Above: They call Giuseppe “Beppe” Rinaldi the “Citrico” (CHEE-tree-koh), the “citric one.” Photos by Tracie P.
When Italian actor Franco Citti told his mentor Pier Paolo Pasolini that he was headed to the U.S. to make a film with Coppola (The Godfather), the director and poet admonished famously: “Go to America but don’t learn how to speak American.”
I couldn’t help but be reminded of that famous however apocryphal quote when esteemed Italian wine scrabbler Mr. Franco Ziliani took Tracie P and me to visit and taste with Beppe Rinaldi in Barolo.
Above: We didn’t taste but rather drank 1982 Barolo Brunate and 2005 Barolo Brunate-Le Coste in Beppe’s living room, accompanied by some excellent cheeses that Beppe sliced for us personally and his ubiquitous Toscano, the spicy “Tuscan” cigar favored by many Italians. The 1982 was one of the greatest wines I’ve ever had the privilege to drink — brilliant fruit and exquisite tannin. Beppe spilled a drop on Tracie P’s jeans as he poured. She still hasn’t washed them.
Beppe doesn’t care much for Americans or America, a sentiment not uncommon in a region of Italy that was once dominated (although no longer) by far-left politics, where the cultural hegemony of Americana was seen as a destructive force that could sweep away the genuine traditions and values of life in post-war Italy. He told of us of a trip he made in the 1980s to Davis, California, when he was still working as a veterinarian. Unlike other Italian winemakers who traveled to Napa during that decade, Beppe wasn’t impressed by the squeaky-clean wineries and winemakers of his antipodal counterparts. Nor was he impressed by the purveyors of Italian wine.
Above: The Rinaldi cellar, which lies underneath the Rinaldi 18th-century villa, is old-school all the way. The house is truly one of the most beautiful in the town of Barolo. I regret that we didn’t take a picture of the exterior.
We were thrilled, of course, to get to taste with Beppe and we are forever grateful to Mr. Ziliani for such high-level access. To my palate, his wines are among the greatest produced in Barolo and the style has remained entirely unchanged for at least two generations (i.e, the current and that of Beppe’s father, also Giuseppe).
Above: Among other wines, Rinaldi makes a blend of fruit sourced from Cannubi, San Lorenzo, and Ravera as well as what is considered his flagship wine, Barolo sourced from Brunate and Le Coste. His expressions of Cannubi and Brunate, in particular, are considered two of Barolo’s historical benchmark wines. To my palate, these are two sine qua non wines, essential to an understanding and appreciation of the greatness of Barolo.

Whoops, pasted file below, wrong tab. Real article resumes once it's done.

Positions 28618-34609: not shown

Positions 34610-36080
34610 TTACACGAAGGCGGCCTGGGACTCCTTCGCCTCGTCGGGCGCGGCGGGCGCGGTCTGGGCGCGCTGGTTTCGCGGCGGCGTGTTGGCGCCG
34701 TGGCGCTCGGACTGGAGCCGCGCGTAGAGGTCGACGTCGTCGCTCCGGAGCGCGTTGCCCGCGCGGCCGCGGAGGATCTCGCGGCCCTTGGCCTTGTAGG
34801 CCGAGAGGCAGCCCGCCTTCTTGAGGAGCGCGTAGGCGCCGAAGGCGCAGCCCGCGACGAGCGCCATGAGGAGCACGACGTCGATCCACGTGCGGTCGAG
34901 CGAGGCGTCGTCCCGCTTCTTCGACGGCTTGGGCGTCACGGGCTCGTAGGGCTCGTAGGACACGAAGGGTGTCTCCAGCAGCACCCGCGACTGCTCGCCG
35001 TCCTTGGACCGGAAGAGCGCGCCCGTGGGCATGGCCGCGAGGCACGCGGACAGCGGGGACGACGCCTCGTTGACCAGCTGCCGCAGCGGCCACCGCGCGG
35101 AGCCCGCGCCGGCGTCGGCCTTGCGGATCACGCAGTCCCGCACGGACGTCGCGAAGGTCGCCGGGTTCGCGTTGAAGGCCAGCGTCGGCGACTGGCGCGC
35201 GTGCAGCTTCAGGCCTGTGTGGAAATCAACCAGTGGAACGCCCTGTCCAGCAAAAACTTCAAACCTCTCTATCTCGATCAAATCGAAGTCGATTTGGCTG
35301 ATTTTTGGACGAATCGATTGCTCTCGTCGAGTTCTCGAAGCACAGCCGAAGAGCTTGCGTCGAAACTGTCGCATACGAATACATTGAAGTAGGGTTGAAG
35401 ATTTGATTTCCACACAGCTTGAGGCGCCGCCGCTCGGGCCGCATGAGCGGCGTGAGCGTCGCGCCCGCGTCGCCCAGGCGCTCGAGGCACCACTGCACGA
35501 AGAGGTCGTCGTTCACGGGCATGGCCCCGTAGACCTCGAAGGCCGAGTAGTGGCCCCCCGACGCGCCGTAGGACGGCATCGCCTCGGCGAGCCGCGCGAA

Of all the winemakers we talked to in February in Barolo and Barbaresco (and we asked the very same question during each visit), Beppe was the only one who said he doesn’t use selected, cultured yeasts. “I don’t have problems staring fermentation in my cellar,” he said. On a few extremely rare occasions, he told us, he has used cultured yeast when for whatever reason fermentation needed a nudge, so to speak. When you tour the cellar with him and negotiate the labyrinth of his cluttered laboratory, you cannot help but think that the terroir is not only in the vineyards but also there in the cellar, which has remained unchanged for two generations. It is as if the terroir is “growing” on the sides of the enormous Slavonian casks he uses to age his wines. One of the most fascinating vessels is an enormous fermentation cask built by his father so that he could vinify his entire holding of Brunate in one vat. When you visit this cellar, clean, of course, but not immaculate, you can “smell” the terroir.
Above: Playing in a French rock band sure comes in handy sometimes.
Beppe may not be so fond of America and Americans but the “citric one” was an excessively generous host. Maybe he found me slightly more simpatico when Mr. Ziliani told him that I perform and write songs with a French rock band. At the end of our visit, Beppe gave me an unlabeled bottle of 2005 Barolo Brunate-Le Coste.
Above: I probably hate blind tasting as much as Guilhuame does. But I couldn’t resist “tasting my friends blind on this wine,” as we say in the biz. Of course, they could easily surmise what the wine was because they knew where Tracie P and I went on our honeymoon!
Last night, Tracie P and I shared the bottle with our good friend Mark Sayre and the gang at Trio in Austin (the happy hour there has become our “Mel’s Diner”). What a thrill to share this gorgeous wine with a group of wine professionals here in Austin! It was powerful, with gorgeous fruit and an immensely vibrant acidity (no pun intended!), definitely one of the top 3 examples of 2005 Nebbiolo I’ve tasted.
Beppe Rinaldi is a true iconoclast and his wines are truly iconic expressions of Barolo, sine qua non interpretations of one of the greatest wine producing regions of the world, Langa. Like the man, the wines represent an essential continuity with the past and a hope for the future. Whether you prefer modern- or traditional-style Langa wines, thank your lucky stars for a man who remained true to his people and his land, when others were perhaps seduced by the dollar signs that flashed before them in the 1990s. In the field of trophy wines, Beppe’s bottlings remain more than fairly priced. I cannot recommend them to you enough.
And to be honest, I’m only half-kidding when I say that Beppe doesn’t like Americans. ;-)